A thousand thanks to my long-time work colleague Bob Stone for alerting me to this piece in The Guardian newspaper in the UK about the Norwegian jazz-experimental trumpeter Arve Henriksen. I delight in finding out about gifted and artistically mould-breaking Scandi musicians, almost to the extent that it becomes a ‘collecting’ hobby redolent of philately or numismatics, but I suppose that’s what (at least) half of being a muso is all about. I have a good deal of empathy with my friend who heard Frank Zappa properly for the first time, liked it and went out and bought more or less every available Zappa album he could (and there’s a compendious musical zoo of Zappa to choose from).
Even so, I don’t need to be a completist collector at this point in order to appreciate an initial sip in the form of this Henriksen offering, Sorrow And Its Opposite. The trumpet that sounds so much like the Japanese flute is apparently a common motif of Henriksen’s work, and it’s certainly in evidence here, but what extraordinary tonal effects and strata emerge otherwise. Particularly evocative is the way that one recording seems to have been basically superimposed upon another at one point without creating anything aurally jarring (in fact it creates the exact antithesis of this. Awful Atonality We Don’t Hear And Its Opposite?) Not to mention the way around 2:40 that sound melts into silence, before, out of silence, sound is unobtrusively forged to new effect without the overall continuity of the piece being sullied.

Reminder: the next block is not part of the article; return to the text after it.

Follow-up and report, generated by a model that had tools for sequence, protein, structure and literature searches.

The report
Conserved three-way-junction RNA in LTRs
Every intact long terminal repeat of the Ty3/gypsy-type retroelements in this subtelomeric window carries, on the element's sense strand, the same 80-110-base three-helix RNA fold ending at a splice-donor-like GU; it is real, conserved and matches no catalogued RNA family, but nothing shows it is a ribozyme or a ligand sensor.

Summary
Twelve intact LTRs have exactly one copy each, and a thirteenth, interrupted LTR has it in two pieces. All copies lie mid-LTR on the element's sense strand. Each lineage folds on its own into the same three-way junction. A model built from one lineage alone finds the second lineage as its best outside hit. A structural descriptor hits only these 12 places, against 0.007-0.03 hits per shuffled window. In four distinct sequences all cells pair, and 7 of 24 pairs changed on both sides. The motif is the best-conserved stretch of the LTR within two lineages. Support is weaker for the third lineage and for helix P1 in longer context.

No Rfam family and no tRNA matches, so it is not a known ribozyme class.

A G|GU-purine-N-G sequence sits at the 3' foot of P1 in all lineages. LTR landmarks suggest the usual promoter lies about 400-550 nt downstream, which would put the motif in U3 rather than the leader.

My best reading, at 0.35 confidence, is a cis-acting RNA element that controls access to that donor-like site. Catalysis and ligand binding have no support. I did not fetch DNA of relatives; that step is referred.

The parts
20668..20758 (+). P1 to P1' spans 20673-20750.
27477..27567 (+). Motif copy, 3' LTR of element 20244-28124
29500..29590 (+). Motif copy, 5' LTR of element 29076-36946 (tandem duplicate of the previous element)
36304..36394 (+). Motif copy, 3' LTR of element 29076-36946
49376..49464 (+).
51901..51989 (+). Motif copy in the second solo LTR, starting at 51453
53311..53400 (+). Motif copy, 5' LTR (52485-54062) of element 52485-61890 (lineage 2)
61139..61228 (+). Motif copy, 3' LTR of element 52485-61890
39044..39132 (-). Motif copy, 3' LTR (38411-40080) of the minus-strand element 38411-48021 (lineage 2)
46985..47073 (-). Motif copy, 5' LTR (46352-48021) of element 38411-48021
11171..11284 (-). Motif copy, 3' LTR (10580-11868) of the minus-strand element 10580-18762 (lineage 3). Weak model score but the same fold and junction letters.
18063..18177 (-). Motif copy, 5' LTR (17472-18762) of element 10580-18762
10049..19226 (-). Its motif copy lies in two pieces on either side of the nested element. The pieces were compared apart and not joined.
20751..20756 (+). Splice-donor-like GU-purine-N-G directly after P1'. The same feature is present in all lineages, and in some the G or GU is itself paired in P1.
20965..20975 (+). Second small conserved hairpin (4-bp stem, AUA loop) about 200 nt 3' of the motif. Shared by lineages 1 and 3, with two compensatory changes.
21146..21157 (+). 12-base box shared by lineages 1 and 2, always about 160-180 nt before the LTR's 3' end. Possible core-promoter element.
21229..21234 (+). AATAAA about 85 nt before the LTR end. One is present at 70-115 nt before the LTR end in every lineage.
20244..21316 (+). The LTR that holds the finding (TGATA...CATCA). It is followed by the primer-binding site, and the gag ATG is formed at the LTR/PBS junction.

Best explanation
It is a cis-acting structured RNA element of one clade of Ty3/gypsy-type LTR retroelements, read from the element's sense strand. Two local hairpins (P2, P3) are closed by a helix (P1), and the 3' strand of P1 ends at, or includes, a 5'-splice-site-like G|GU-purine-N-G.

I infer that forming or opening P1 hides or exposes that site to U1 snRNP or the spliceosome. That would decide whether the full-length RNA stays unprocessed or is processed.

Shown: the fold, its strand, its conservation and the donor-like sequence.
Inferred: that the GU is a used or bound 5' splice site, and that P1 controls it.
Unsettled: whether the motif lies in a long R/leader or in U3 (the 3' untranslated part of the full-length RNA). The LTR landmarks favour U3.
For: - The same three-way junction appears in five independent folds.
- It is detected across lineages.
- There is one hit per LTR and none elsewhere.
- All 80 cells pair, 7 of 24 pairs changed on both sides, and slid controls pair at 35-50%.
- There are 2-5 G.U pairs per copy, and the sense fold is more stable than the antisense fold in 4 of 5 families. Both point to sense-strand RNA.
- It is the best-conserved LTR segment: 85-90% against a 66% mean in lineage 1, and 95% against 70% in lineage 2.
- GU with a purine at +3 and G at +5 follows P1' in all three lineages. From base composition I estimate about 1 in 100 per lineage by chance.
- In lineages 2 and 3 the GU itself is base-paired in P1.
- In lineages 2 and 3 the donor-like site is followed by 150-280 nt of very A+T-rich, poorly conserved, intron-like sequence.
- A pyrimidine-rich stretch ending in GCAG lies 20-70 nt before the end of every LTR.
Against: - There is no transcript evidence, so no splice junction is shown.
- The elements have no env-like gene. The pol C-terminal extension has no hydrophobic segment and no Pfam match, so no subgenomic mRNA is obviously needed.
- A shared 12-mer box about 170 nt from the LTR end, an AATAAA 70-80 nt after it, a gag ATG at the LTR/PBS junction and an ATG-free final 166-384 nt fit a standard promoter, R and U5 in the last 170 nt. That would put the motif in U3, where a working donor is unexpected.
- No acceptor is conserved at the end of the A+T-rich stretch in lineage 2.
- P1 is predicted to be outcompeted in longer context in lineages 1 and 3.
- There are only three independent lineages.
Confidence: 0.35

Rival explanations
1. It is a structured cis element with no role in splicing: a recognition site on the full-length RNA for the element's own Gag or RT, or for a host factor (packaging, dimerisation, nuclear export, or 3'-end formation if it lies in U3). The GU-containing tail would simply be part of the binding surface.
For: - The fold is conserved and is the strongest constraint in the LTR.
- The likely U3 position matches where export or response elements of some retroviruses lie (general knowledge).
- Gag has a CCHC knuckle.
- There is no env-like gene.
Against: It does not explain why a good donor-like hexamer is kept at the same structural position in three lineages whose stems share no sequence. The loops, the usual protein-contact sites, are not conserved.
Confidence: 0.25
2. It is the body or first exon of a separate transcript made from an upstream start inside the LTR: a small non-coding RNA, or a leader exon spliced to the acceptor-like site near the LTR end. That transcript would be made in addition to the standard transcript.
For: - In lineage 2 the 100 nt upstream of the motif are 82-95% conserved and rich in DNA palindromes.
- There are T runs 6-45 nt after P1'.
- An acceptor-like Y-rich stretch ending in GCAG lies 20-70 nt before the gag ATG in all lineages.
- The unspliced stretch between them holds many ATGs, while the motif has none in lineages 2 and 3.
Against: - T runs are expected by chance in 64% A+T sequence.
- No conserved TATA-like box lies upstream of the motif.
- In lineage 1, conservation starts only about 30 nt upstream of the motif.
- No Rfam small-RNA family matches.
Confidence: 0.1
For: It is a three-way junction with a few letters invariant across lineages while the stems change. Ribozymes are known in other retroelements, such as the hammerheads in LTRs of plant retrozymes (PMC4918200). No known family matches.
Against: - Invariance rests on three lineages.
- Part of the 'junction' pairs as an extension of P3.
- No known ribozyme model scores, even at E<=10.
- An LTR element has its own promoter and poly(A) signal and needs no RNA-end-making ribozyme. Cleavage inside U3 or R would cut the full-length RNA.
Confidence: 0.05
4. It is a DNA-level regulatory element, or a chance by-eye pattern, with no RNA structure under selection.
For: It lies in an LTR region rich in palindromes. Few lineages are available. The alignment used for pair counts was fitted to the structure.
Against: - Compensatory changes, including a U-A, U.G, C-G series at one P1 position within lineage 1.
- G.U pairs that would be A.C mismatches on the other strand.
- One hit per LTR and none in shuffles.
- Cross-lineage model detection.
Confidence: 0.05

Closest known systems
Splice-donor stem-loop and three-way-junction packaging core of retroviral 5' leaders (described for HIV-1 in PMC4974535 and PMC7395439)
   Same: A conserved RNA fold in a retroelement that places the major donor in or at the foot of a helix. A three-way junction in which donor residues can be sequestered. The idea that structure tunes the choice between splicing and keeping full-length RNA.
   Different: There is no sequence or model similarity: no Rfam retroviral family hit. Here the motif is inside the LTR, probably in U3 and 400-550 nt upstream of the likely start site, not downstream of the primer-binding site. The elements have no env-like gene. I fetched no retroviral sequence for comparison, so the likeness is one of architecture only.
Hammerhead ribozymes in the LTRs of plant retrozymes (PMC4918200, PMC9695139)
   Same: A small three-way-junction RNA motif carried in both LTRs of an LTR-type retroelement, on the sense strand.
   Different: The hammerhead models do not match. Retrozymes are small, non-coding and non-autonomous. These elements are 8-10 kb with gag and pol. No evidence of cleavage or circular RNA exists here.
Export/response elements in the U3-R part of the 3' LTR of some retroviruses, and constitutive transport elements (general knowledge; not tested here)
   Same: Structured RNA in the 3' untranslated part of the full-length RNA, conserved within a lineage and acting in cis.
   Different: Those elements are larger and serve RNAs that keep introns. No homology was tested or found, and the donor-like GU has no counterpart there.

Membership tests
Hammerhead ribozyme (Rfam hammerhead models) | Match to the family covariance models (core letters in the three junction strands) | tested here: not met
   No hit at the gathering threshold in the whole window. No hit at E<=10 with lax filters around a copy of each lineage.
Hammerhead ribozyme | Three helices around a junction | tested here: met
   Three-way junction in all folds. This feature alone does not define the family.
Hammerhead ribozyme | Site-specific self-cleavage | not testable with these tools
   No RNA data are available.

We’re delighted to see that Henriksen has had the chance to play with John Paul Jones of Led Zeppelin fame and taken the opportunity in the process to disconcert his audiences with what the article terms ‘unhinged screaming and some clattering drum work’. Just as Stevie Wonder’s ongoing claim to be the maestro of intelligent modern soul music is cemented by the elegant, spiritually nourishing drumwork of his early 1970s offerings, so anyone really looking to make big advances within the metier of experimental music must be prepared to rip up the textbook and do things the listener doesn’t expect of them instrumentally and tonally even when they’re familiar with what the artist has done before.
And it lends credence to the notion that among the supergroup fraternity of rock stars, John Paul Jones might be the goodest, cerebralest and laidbackest egg of them all..
(We’re aware we’ve got a whole trove of Led Zeppelin-related Scandi stuff to mine here in our own good time – but in the meantime thanks to our good friend I’d Rather Be In Iceland for scratching the surface.)